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Christopher Okemwa’s journey through the epic monologue

Concluding Part

Published : Thursday, 11 February, 2021 at 12:00 AM  Count : 371

Christopher Okemwa’s journey through the epic monologue

Christopher Okemwa’s journey through the epic monologue

Raila Odinga, who is still living, has won Kenyan elections twice, in 2013 & 2017, but has been denied the presidency. Like Sheikh Mujib who won the first democratic election in 1970, Raila won presidential election in 2013 and 2017, but in both cases was denied to form the government, just as Sheikh Mujib could not form a government when he won the first democratic election of Pakistan in 1970. In Kenya protests were held as Raila declared himself the "People's President", while in Pakistan civil disobedience erupted as Sheikh Mujib announced independence of Bangladesh. True, as Mujib gained the name of Bangabandhu, after his 6-point plan in 1966, so did Raila gain the name "People's President" in 2017.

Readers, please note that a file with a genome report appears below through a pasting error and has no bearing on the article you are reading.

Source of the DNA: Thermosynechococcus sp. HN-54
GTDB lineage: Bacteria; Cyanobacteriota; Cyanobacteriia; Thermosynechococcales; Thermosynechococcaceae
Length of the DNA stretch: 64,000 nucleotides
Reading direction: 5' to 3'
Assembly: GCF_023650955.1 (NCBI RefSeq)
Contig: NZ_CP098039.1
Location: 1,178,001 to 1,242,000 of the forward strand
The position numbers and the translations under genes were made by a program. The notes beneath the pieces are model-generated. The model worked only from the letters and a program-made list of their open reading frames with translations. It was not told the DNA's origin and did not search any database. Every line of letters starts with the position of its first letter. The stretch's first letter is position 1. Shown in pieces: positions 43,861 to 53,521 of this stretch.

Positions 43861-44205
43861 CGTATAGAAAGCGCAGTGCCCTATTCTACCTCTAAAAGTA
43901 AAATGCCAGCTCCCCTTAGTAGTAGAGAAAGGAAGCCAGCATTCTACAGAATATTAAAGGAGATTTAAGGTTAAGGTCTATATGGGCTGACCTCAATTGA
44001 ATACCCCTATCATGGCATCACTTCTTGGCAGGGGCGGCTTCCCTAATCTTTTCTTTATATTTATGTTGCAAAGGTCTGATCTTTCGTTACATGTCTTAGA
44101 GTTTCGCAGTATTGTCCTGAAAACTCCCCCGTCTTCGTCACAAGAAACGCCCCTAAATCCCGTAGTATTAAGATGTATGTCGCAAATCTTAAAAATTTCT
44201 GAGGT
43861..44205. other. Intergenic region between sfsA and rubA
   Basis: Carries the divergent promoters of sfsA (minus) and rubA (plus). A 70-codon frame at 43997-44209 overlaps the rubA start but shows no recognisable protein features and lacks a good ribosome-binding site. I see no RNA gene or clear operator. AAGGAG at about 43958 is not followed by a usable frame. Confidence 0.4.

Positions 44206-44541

Both the Bengali and the Kenyan people have had similar suffering in the past. The Bengalis although they are the majority, have been poorly represented in Pakistan's civil services, in the police and in the military, as well as in revenue allocation. In Kenya the two BIG tribes --The Kikuyus and the Kalenjins -- who have owned power since independence, are awarded prime jobs in the country, and therefore huge resources, while the rest of the 40 small tribes are left with almost no top jobs, and therefore little resources. While Sheikh Mujib declared Charter of Survival, a plan that saw East Pakistan self-govern itself and attain defence automnomy, Raila, on the other hand, initiated a new Kenyan constitution in 2010, in which services, revenue and resources were decentralized, hence having units of governance called the COUNTIES which now receives a 30 per cent-40 per cent of the national revenues. Thanks to this Sheikh Mujib of Kenya, at least now small tribes are able to get a fair share of the national cake.